Hifi News

DP-400 and DP-450USB Turntables from Denon

Denon has announced the release of two new, 3-speed, belt-driven, semi-automatic (well, kinda) lifestyle turntables, the DP-400 and DP-450USB. Both turntables feature a built-in phono amplifier while the DP-450USB adds automatic analogue-to-digital conversion to enable fast ‘ripping’ of vinyl

DP-400 and DP-450USB Turntables from Denon

The Denon DP-400 is built on a “heavy, well-damped” plinth. The company makes a play about the 41cm width of the plinth which, it says, will, “…save space and match with the Denon Design Series.”

Speed is reportedly controlled via an integrated sensor with a pseudo-semi-automatic action. That is, when the stylus reaches the end of a vinyl side, playback stops and the tonearm lifts. From what I can see, the arm is not returned to its cradle, though. If this is the case then this compromise will improve sound a touch because the gearing for tonearm return will not need to be included. Such gearing all adds noise to the turntable and lowers sonic quality.

DP-400 and DP-450USB Turntables from Denon

The “newly engineered” S-shaped tonearm is fitted with a moving magnet cartridge (looking like an Audio-Technica AT3600 with, if so, a spherical stylus). The built-in phono stage can be bypassed, allowing the turntable to be used with external models.

DP-400 and DP-450USB Turntables from Denon

The DP-400 comes complete with an “exclusively designed” dustcover, doubling as a “display stand for an album sleeve”.

The company advises that you should, “..mount the dustcover vertically on the included base, and you can show off your favourite album artwork during music playback.”

DP-400 and DP-450USB Turntables from Denon

The Denon DP-450USB differs by including a built-in ADC to allow the ripping of vinyl to a digital file via a front-mounted USB port, “There’s no need to connect the turntable to a computer,” said the company, “simply plug in the storage device, select compressed MP3 or uncompressed CD quality WAV recording and play the record.”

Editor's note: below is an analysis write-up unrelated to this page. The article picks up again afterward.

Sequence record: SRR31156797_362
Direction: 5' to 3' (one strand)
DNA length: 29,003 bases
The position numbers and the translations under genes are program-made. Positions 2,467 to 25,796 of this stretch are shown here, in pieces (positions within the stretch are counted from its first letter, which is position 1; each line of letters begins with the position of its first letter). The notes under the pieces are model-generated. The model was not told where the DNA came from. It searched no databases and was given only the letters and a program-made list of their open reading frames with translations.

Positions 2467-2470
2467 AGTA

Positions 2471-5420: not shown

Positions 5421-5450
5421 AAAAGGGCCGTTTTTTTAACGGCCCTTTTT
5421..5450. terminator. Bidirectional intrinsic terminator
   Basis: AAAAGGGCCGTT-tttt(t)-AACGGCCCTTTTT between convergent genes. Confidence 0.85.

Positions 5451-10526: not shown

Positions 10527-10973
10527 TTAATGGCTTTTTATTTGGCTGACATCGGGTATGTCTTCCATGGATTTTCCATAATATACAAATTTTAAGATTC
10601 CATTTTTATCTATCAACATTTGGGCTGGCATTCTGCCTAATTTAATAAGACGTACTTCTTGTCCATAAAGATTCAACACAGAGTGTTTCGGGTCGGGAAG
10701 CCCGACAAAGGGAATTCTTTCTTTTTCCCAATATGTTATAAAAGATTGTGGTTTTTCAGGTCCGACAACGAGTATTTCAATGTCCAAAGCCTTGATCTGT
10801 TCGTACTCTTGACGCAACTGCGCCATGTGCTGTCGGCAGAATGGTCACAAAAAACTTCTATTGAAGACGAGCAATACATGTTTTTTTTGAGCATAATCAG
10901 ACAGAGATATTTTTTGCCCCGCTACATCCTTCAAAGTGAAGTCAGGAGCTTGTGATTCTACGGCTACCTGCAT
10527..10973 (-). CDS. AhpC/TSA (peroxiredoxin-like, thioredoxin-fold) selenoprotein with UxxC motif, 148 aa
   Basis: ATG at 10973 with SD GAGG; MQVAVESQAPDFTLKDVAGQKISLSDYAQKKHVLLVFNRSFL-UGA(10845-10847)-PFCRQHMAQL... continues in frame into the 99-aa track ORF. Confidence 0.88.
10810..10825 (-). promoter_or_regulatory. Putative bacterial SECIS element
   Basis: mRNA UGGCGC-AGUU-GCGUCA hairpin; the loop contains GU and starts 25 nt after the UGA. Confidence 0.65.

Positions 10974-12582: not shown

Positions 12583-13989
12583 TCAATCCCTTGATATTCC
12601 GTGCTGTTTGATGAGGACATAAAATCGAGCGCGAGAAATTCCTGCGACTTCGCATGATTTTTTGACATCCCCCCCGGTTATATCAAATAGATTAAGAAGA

DP-400 and DP-450USB Turntables from Denon

To edit recordings on a PC, Denon offers MusiCut software for Windows 10.

The MusiCut software can be downloaded from the Denon website free of charge.

DP-400 and DP-450USB Turntables from Denon

Prices? The DP-400 fetches £449, while the DP-450USB is priced at £529.

DP-400 and DP-450USB Turntables from Denon

For more information, visit www.denon.co.uk

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11 Comments

  • Reply
    Geoffrey
    11th February 2019 at 7:32 pm

    A review perhaps?

    Best regards
    G

    • Reply
      Paul Rigby
      12th February 2019 at 12:19 pm

      I’ve put a request in Geoff – fingers crossed.

  • Reply
    Mike in Michigan
    7th March 2019 at 5:20 pm

    I own the DP-400, for the money, it is what it is, nothing fancy here. It is semi-auto, in that the tone arm raises up at the end of the album and turns off the TT, it has no return on it. I also own the Denon DP-300, so I have something to compare it too. The DP-300 is full auto, returns the tone arm and turns off the TT.

    The good. The DP-400 is semi-auto, as stated above, one of the reasons I bought it. It also has RCA outputs, I can use the cables of my choice, along with a ground stud, the other reason I bought. I like to use my own cables and wanted to be able to ground the TT. Setup was pretty straight forward, I also like the fact that you can use head shells from other cartridge manufacturers, that was a huge plus. The Denon DP-300 offers none of this.

    Setup was again, straight forward. Protractor and stylus scale, I had her dialed in, and did the same with both cartridges as I figured out which one will stay put on the tonearm. I have two cartridges, the Ortofon 2M Red and the Denon DL-160. The Ortofon came with the TT for $29 extra, so I bit. I removed the cartridge that came with the TT and put it away.